I like to bring simple card-making supplies into the secure unit of the Edmonton Institution for Women. The inmates enjoy the chance to be creative but, more than that, they crave an opportunity to make something to send to family on the outside. Life stories bubble up as they write in the cards, and I listen.
I’ve heard heartwarming and heartbreaking things but, during a visit this past July, something startled my eyes open anew. As I pulled supplies out of a clear plastic tub, I set a packet of baby-wipes on the table, intended for cleaning stamps.
The women immediately focused on it with an obvious hunger.
“Can I smell them?” one twentysomething asked.
My heart shattered with sudden understanding. Most of these young women are mothers, separated from their babies by prison walls and painful histories.
The young woman continued: “We don’t get any smells in here. The only thing that has any smell is my shampoo.”
Unfortunately, the wipes I brought were unscented.
“But they still smell like babies,” another woman told me as she pressed a wipe to her face and closed her eyes.
Prison life is deprivation. In the secure unit, there are no perfumes, no smells of cooking, no air-conditioning when the sun beats in and no air movement in the bedrooms. It is a loss of control of your body as you are “patted down” each day. It is absence of safety in tight spaces full of volatile people. It is isolation from family and friends. Connections with nature are missing in the too-small, brick-and-wire yard, where you might get to spend an hour.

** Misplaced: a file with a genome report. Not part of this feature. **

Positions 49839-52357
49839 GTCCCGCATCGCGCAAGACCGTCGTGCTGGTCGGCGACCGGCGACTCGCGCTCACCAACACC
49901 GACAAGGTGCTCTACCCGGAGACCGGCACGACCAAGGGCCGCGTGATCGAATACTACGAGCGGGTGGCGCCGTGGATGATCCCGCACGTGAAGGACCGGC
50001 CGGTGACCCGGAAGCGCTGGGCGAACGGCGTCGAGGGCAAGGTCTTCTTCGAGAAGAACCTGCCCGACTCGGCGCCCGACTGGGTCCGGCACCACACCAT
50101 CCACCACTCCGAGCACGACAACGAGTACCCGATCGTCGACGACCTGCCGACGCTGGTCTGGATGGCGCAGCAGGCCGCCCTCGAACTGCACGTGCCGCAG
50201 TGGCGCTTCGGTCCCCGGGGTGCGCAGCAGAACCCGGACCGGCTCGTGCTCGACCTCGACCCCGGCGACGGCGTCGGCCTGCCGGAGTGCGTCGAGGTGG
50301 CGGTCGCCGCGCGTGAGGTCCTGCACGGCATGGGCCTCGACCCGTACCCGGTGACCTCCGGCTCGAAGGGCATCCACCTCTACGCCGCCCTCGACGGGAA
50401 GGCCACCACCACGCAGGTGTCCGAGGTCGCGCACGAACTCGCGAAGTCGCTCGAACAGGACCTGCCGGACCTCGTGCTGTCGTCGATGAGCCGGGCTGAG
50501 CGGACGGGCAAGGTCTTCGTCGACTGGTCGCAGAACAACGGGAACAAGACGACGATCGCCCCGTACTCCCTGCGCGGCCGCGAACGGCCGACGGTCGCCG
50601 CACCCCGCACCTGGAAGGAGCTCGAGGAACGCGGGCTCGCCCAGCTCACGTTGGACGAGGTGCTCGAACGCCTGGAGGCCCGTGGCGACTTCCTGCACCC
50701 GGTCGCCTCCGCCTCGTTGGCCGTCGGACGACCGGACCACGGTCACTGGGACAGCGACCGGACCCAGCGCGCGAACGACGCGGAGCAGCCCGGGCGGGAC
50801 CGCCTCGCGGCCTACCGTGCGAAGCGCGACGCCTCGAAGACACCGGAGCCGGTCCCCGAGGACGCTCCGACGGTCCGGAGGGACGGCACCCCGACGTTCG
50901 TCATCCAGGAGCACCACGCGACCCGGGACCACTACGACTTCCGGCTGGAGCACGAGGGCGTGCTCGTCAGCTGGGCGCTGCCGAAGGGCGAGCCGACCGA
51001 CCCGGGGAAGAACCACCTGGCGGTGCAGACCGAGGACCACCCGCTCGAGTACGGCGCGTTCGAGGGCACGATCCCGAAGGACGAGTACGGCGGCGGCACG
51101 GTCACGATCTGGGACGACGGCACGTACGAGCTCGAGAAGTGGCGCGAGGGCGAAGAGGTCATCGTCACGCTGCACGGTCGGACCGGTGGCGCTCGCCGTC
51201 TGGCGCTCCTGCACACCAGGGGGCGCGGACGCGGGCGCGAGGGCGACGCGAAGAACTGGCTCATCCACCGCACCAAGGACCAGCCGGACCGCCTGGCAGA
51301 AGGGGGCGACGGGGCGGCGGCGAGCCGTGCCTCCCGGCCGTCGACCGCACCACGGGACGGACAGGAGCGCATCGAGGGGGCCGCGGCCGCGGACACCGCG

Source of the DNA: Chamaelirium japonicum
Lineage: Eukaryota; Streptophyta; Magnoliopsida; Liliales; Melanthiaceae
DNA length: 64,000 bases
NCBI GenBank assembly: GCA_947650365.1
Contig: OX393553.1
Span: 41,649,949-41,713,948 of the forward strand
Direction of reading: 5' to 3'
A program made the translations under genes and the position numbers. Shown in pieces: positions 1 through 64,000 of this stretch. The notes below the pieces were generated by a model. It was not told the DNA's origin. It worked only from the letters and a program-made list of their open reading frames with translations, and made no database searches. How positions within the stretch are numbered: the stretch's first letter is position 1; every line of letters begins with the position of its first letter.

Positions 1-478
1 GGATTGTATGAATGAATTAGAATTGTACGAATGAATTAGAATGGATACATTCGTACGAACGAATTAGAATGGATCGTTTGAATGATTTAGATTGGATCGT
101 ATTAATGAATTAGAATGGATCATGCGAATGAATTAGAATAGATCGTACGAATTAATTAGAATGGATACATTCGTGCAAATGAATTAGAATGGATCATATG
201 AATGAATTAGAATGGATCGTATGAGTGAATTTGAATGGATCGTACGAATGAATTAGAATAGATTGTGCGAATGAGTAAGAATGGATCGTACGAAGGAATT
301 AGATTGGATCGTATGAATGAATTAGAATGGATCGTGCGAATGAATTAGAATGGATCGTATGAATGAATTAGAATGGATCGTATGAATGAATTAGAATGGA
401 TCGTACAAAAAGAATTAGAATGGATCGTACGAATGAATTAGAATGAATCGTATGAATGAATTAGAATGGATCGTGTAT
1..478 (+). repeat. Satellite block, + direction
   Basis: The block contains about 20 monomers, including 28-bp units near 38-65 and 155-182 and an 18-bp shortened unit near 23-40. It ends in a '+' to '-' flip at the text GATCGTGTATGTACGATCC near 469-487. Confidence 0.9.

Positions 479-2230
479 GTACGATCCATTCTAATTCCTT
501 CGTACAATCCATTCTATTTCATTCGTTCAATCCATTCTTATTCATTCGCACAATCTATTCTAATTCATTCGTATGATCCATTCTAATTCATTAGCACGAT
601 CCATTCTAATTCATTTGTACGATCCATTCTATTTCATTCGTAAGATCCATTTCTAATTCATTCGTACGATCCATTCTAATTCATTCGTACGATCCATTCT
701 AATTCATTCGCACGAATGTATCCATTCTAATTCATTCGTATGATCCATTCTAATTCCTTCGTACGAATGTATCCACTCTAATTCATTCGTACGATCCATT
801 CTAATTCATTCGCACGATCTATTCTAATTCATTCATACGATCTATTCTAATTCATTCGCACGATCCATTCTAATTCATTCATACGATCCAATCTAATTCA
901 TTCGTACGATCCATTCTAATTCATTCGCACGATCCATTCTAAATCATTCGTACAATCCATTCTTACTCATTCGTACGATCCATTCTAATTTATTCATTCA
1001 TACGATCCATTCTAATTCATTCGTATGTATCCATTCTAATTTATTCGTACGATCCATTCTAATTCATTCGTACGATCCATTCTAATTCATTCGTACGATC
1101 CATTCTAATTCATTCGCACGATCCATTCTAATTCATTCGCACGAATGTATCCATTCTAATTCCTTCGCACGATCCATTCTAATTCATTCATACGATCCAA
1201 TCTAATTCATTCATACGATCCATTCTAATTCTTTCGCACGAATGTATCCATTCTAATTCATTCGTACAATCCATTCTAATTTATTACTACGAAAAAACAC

I can understand why no one pulls a lonely yellow-flowered weed out of a crack. It is the only spot of living colour other than the empty sky above.
If your family does not visit, you also carry the pain of abandonment. I haven’t yet heard an inmate say she doesn’t deserve prison. Most understand their need for separation from the situations that resulted in their crime, but they still want to love their families.
What good does all this extra deprivation accomplish when the incarcerated are so often already damaged from the lack of safety, healthy relationships and positive opportunities in their lives on the outside?
How can healing happen when all that gives life fragrance, colour and good connections is withheld?
“I like it when your group comes; otherwise I don’t get visitors,” a young inmate told us.
We will continue to show up and bring a few moments of laughter over a game, a listening ear and a chance to create cards, in order to help a woman connect with her family.
Perhaps our visits can bring just a bit of “colour” inside, a bit like that flower growing in a crack in the prison yard.
Donita Wiebe-Neufeld serves as a volunteer visitor in the Edmonton Institution for Women.